The auto world was abuzz this week as Indian carmaker Tata Motors unveiled the Nano, a four-door, pint-sized sedan that will soon go on sale in India. Beyond its diminutive stature and no-frills interior, the Nano is turning heads because of its price: 100,000 rupees or a mere $2,500 USD. Sales projections still vary wildly, but many analysts agree that the hyper-affordable Nano could bring car ownership – and its social prestige – to a vast swath of rapidly developing India.
There is, naturally, a downside to this otherwise feel-good story. Despite weighing only 600 kilograms and sporting a tiny 624cc engine, the Nano is still a conventionally fueled car. And although Tata Motors has outfitted it with a catalytic converter and boasts 50 mpg efficiency, this eco-friendly profile may be vastly outweighed by the millions of new drivers it may put on the roads. Environmentalists are still struggling to calculate the effect this development will have on greenhouse gas emissions (and global energy supplies), but the picture doesn’t look good so far: “This car promises to be an environmental disaster of substantial proportions,” said Yale’s Daniel Esty.
The Nano debate is only a tiny facet of a much larger and fairly acrimonious controversy over the tension between emissions reductions and environmental stewardship on one hand and the right to develop and attain first-world standards of living on the other. In the environmental community, some scientists and public intellectuals advocate strict planet-wide reductions, including regulations that mandate significant cuts on the part of developing nations and punitive measures such as carbon taxes and other sectoral norms. International development and human rights workers oppose this view, arguing that inflexible emissions cuts risk keeping nations perpetually in “developing” mode.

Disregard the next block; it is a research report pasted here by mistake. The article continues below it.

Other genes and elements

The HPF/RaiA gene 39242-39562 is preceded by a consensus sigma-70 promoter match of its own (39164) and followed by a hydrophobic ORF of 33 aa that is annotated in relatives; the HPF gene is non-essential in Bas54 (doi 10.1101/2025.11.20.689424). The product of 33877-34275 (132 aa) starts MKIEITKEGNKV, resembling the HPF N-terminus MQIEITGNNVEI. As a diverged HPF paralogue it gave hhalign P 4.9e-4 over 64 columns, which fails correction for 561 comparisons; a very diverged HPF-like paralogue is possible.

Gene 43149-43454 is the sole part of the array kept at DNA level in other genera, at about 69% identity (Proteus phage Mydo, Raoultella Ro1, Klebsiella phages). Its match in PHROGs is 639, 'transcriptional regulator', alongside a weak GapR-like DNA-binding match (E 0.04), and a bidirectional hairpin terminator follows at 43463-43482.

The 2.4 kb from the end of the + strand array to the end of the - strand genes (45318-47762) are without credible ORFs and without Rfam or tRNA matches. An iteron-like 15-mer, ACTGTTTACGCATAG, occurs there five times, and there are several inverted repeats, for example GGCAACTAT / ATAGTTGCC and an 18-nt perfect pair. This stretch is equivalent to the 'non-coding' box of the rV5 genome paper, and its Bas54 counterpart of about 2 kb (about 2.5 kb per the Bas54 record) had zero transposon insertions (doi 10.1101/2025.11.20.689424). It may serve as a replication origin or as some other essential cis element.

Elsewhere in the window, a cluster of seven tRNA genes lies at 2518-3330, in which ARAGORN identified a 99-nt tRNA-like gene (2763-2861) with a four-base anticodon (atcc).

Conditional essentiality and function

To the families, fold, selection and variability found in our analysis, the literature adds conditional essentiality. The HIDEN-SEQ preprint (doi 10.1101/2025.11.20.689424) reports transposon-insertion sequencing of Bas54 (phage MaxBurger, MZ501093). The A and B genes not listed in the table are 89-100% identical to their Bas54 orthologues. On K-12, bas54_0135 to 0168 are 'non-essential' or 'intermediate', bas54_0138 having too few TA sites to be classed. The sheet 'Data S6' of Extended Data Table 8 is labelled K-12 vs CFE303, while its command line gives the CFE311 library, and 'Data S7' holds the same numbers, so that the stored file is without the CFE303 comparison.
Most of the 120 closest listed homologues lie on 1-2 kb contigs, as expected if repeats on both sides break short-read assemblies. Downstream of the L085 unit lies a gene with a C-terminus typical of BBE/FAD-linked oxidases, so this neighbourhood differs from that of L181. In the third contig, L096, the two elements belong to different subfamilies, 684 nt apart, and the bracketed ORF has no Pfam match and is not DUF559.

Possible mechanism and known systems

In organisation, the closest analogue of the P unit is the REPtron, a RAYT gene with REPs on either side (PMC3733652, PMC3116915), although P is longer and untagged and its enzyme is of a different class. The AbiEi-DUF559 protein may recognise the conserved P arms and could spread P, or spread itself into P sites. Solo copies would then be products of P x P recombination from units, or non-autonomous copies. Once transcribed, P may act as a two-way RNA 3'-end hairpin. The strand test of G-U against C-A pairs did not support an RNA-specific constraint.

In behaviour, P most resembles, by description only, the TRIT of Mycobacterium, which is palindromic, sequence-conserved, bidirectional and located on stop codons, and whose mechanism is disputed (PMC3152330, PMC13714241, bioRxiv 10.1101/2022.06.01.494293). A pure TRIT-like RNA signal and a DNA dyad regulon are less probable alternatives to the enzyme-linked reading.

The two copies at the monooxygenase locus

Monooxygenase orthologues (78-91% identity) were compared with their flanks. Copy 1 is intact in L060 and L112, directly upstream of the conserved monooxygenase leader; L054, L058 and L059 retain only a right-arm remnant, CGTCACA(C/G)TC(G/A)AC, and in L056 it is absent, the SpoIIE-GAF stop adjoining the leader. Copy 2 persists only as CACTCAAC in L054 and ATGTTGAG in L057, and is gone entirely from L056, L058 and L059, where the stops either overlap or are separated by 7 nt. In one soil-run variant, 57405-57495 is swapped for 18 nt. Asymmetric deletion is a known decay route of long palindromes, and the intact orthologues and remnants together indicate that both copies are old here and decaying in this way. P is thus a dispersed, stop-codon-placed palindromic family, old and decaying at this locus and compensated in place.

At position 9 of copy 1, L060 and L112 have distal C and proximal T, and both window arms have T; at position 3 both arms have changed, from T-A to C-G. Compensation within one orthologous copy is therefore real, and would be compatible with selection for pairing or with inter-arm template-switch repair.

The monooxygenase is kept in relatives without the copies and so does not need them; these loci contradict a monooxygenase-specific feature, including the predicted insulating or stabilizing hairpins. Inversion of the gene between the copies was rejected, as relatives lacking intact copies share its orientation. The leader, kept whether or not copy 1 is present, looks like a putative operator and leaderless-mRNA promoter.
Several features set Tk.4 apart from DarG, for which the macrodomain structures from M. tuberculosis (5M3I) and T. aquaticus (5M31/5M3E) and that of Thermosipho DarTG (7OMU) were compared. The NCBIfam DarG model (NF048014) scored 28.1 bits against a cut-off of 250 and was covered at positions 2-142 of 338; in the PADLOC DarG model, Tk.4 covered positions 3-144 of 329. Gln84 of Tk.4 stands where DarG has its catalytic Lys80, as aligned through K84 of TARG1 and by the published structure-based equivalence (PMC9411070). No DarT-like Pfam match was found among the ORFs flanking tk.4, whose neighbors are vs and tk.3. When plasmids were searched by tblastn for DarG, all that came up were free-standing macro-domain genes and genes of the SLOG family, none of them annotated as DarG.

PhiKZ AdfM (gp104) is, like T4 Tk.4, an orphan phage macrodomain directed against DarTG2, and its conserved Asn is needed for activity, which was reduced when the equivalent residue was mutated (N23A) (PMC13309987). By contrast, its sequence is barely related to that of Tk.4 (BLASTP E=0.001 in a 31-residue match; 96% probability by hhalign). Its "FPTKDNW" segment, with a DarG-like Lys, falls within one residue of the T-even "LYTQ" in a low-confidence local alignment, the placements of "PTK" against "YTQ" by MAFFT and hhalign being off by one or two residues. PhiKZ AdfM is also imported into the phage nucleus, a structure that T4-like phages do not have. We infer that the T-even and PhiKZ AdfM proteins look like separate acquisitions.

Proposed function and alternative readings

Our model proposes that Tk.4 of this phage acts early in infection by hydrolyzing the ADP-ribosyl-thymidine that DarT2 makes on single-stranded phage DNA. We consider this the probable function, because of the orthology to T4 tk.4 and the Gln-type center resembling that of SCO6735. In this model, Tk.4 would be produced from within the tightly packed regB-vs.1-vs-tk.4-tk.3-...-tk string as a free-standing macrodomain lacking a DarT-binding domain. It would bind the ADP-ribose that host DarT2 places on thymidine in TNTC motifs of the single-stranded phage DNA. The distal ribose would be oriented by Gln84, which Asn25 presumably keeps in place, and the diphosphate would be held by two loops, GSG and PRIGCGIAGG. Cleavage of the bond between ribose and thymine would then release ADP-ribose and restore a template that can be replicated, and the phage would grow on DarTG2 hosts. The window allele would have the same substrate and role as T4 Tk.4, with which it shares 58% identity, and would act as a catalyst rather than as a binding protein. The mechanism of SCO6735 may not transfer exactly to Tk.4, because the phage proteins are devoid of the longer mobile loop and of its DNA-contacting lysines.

How can we resolve this impasse? Is it even resolvable? Environmental advocates make a point that is difficult to refute: if we are truly worried about climate change and its impacts, then we should take any action necessary to reduce our emissions – even if it means economic burden on already burdened states. Nor is it fair that some nations’ hard work can be undone by the developing world: one estimate says that the reductions made by every Kyoto country will be nullified by China by year 2010.
If the environmentalists’ arguments are hard to reject, so too are those of the development advocates. After all, who wants to be the person to tell an upwardly mobile family in India, or China, or Cambodia that they cannot enjoy the same benefits of their income that a Western family can? Vishal Bhatia, an Indian commenter on the Nano dispute, summed up why he wants one: “I’m buying it because it gives a sense of freedom.”
Today, this dispute leans somewhat in favor of the UN’s George Kell, who said, “You can’t deny emerging markets the right to the same living standards as OECD countries.” This definition of the “good life” and upward mobility is based in the experience and priorities of Western economies. Is there a bridge that offers synergy between individual desires and public needs or corporate desires and environmental consequences?